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Finding Jamie

A private investigator is appealing for photos of the 2019 Tuia 250 event at Tolaga Bay as his inquiries ramp up into the mystery disappearance of local woman Jamie Kaiwai.

Hamish Kerr, who acts for Jamie's family, says the community holds the key to finding her.

He wants to assist in that process so Jamie's whanau can find out what happened to her and, hopefully, finally lay her to rest.

Jamie, the 27-year-old mother of one, has not been seen since October, 2019. Her phone activity ceased at about 9.30pm on Wednesday, October 9.

Her car was found abandoned, with the keys still in the ignition, at about 5am on Sunday October 13, 2019, at Tolaga Bay Wharf.

Tuia 250 celebrations took place there later that day.

Mr Kerr says he is “very confident” the mystery of what happened to Jamie can be solved and that members of the community hold vital information.

He recently set up an 0800 phone line (0800 123 114) and an email — FindJamie@scope.co.nz — so people could get in touch confidentially.

Mr Kerr also wants people, community and media organisations to hunt out any photos of the Tuia 250 event at the wharf that weekend, particularly those showing the carpark and crowd shots.

Shots can be shared — again, confidentially — through the FindJamie email.

Jamie's car, a blue Nissan Tiida, is an important focus of his investigation. She frequently called on her grandfather Eru Kaiwai to jump start it as the car had a faulty battery and needed to be driven at least once every 12 hours or so.

Eru went with police to retrieve the vehicle from the wharf carpark on the afternoon of October 13, 2019, and oddly, it started straight away. The family say this disproves the police theory it was in the same place at the wharf carpark for five days.

Mr Kerr says photographs could hold crucial clues about the movement of the car, including who was driving it, how it came to end up at the wharf and who might have been standing near it before it was retrieved that afternoon.

But he stresses any photos are of interest. They do not have to include the vehicle.

He and Jamie's family question the police theory that Jamie went into the water at the wharf.

The family has been critical of the police investigation, which they say failed to follow usual lines of inquiry after police decided from the outset they were dealing with a suicide.

Mr Kerr says evidence reviewed by him to date does not remove the possibility foul play was involved.

The fact the police undertook an extensive and detailed 10-day ocean and seabed floor search of the area but found nothing strongly suggested Jamie was never in the water, he said.

It is possible the only sighting of Jamie on the beach at Tolaga Bay on October 11 could be mistaken or incorrect, Mr Kerr says.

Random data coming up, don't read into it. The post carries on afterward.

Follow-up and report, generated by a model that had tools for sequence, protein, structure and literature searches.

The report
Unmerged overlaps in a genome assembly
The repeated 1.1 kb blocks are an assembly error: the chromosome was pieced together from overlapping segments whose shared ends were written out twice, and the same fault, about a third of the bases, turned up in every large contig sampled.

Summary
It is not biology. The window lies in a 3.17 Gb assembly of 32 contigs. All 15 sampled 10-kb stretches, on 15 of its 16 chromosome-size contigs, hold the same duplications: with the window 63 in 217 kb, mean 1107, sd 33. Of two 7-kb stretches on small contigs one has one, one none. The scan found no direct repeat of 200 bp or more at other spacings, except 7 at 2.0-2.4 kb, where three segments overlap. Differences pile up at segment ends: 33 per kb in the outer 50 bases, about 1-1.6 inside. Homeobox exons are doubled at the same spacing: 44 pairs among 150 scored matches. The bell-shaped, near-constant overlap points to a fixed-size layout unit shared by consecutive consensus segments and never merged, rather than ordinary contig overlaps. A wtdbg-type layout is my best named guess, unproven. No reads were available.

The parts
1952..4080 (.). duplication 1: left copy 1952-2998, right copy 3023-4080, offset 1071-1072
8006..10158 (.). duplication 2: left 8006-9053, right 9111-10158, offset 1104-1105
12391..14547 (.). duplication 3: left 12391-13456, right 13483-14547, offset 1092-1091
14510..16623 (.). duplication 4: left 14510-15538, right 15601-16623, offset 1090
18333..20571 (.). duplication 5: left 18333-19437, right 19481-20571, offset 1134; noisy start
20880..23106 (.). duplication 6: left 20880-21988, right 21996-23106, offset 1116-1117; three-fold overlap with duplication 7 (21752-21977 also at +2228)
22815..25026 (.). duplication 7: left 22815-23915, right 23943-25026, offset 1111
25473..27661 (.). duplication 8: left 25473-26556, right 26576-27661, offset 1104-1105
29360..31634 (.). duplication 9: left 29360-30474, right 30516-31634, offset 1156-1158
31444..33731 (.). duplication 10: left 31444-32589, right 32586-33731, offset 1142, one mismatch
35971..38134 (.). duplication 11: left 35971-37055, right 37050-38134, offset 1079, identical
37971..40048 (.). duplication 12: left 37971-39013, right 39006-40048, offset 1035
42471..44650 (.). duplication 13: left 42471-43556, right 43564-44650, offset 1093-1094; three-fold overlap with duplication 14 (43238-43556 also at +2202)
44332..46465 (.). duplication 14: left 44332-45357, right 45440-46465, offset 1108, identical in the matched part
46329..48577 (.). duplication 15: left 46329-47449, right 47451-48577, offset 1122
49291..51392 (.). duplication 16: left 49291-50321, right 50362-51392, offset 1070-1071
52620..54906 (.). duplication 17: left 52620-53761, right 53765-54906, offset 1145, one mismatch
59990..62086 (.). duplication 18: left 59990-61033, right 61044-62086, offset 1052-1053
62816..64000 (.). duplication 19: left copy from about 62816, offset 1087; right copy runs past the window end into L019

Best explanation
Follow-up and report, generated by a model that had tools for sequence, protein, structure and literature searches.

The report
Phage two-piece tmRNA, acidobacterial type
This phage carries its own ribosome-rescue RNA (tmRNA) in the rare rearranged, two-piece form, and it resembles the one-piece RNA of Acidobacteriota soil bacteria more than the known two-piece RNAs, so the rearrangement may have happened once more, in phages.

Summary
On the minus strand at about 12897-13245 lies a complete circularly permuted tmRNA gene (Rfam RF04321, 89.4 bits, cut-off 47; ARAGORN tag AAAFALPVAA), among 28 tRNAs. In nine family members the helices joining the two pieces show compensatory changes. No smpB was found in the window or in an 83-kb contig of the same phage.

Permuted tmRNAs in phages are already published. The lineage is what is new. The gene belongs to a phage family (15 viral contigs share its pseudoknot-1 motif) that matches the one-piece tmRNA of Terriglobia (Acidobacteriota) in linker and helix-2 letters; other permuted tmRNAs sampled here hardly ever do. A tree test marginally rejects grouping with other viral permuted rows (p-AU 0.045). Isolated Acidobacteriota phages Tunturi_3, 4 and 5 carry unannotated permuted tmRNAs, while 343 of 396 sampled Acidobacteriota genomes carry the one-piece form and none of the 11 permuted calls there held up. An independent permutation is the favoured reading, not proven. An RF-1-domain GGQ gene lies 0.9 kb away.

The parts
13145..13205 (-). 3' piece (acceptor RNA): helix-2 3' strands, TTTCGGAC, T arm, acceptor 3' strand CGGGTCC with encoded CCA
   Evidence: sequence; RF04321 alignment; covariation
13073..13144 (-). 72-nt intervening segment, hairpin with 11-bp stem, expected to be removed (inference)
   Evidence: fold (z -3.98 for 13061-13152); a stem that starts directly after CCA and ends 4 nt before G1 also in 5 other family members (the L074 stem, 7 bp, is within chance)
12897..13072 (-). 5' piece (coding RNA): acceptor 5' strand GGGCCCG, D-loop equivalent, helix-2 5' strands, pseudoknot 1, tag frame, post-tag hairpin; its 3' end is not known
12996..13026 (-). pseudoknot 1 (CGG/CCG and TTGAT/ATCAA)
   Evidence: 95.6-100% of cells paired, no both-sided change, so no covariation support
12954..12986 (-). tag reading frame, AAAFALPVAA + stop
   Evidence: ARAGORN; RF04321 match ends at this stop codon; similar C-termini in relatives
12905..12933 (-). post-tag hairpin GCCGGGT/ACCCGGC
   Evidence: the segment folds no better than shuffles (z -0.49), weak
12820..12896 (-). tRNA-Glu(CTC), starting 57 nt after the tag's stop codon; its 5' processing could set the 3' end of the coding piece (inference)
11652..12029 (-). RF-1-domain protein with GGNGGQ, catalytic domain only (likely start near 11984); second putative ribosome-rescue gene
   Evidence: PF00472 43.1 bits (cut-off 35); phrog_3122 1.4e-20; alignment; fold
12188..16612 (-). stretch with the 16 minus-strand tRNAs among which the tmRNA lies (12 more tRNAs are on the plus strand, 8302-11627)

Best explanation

Jamie's cousin Jonique Oli-Alainu'uese has led the family's pursuit to get justice for Jamie.

Earlier this year, Jonique lodged a formal complaint about the police investigation, which she says was “obviously flawed”.

The Independent Police Conduct Authority (IPCA) told The Gisborne Herald the complaint had been assessed and did not result in the authority initiating an independent investigation.

“The authority agreed with police that police should review the investigation and upon completion would notify the authority of their findings, and communicate the outcome of the review to the designated point-of-contact identified by the family,” an IPCA spokesperson said.

Mr Kerr said despite Jonique's lead role in the case as a representative of the whanau, police had now enlisted as the family “point-of-contact” Jamie's mother, who lives in Rotorua and from who Jamie was estranged for several years.

Jamie went to live with her grandparents in Tolaga Bay when she was a teenager.

Mr Kerr says he and Jonique do not know what police have told Jamie's mother about the investigation and its current status.

The Gisborne Herald was unable to contact her.

The police officer in charge of the case, Detective Constable Sean Burgess, did not respond to a request for an update as to the current state of the police inquiry.

Earlier this year, Detective Senior Sergeant Kevin Ford said the case was still open as a missing person inquiry but being prepared for transfer to a coroner.

He could not give a timeframe for when that might happen.

THE SEARCH CONTINUES: Jamie Kaiwai on the beach at Tolaga Bay with her son, who was five when she mysteriously disappeared. Her family say she loved the beach but only to relax at and look at the ocean. She feared water and could not swim. For that reason, her family disagree with the police view she might have deliberately entered the water and drowned.Picture supplied
CLOSE WHANAU: Missing Tolaga Bay woman Jamie Kaiwai with grandfather Eru Kaiwai, who was an important figure in her life. Jamie went to live with grandparents Eru and Elaine in Tolaga Bay for her later high school years but was living and working at the Tolaga Bay Inn when she mysteriously disappeared some time before the weekend of October 12 and 13, 2019. Picture supplied

  1. Perry Anderson says:

    The police really let this family down. I hope there is a positive end to this tragic story

  2. Emma Siale, Auckland says:

    I hope there’s justice. Honestly, it’s such a sad story. Nothing but pure love from my end 🕊💔

  3. Zoe says:

    Please don’t close this case. Jamie’s family deserves justice!

  4. Janeen Gladstone, Waimarama Beach says:

    Why would police go to the mother when she didn’t even live there or have anything to do with her daughter? That’s terrible